Had 48 hours or so left when she finally got the therapy. Months later, no sign of cancer and she doesn't have HIV. SCIENCE WINS AGAIN. Not prayer, but science.
Doctors suggested they sign Emily up to a clinical trial that would use a disabled form of HIV to carry cancer-fighting genes into her T-cells (disease fighting cells). The hope was that this would re-programme her immune system to recognise the cancer cells and start killing them.
Several adults had already been enrolled in the study at the Hospital of the University of Pennsylvania and had responded well, but as it was so new the treatment wasn't without risks. But time was running out for Emily, who is also known as Emma.
Mr Whitehead said: 'We were told that we were down to 48 hours of making a decision or she could start having organ failure.'
They comforted themselves with the knowledge that even if the treatment didn't work, it would provide doctors with information that could help them save other sick children.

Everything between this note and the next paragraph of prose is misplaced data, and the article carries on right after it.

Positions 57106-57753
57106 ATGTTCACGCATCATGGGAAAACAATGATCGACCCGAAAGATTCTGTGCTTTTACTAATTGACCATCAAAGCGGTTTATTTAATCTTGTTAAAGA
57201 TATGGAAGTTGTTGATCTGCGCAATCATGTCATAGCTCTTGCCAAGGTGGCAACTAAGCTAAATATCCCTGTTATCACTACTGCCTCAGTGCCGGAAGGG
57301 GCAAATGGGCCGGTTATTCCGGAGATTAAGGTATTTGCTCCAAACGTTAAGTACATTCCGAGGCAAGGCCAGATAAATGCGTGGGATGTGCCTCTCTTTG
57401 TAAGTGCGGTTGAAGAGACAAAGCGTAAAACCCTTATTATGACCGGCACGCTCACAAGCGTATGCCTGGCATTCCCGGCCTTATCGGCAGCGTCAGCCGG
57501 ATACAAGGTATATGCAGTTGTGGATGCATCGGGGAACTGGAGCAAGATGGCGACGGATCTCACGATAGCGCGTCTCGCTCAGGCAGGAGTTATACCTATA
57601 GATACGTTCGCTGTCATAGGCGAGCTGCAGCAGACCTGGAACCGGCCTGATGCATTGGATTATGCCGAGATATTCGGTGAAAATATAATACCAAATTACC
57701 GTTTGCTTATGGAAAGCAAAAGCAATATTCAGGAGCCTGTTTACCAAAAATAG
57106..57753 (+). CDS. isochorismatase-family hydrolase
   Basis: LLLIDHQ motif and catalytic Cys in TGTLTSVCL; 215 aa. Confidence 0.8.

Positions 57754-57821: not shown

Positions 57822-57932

So on April 17, the then six-year-old became the first child to have the therapy known as CTL019.
'Emily completely responded to her T-cell therapy. We checked her bone marrow for the possibility of disease again at three months and six months out from her treatment, and she still has no disease whatsoever. The cancer-fighting T-cells are still there in her body.'
He added that they need to see the remission go on for a couple of years before they can think about whether she is cured or not.
But, after spending years in treatment, Emily went home in June and now enjoys going to school, playing football and walking her dog Lucy.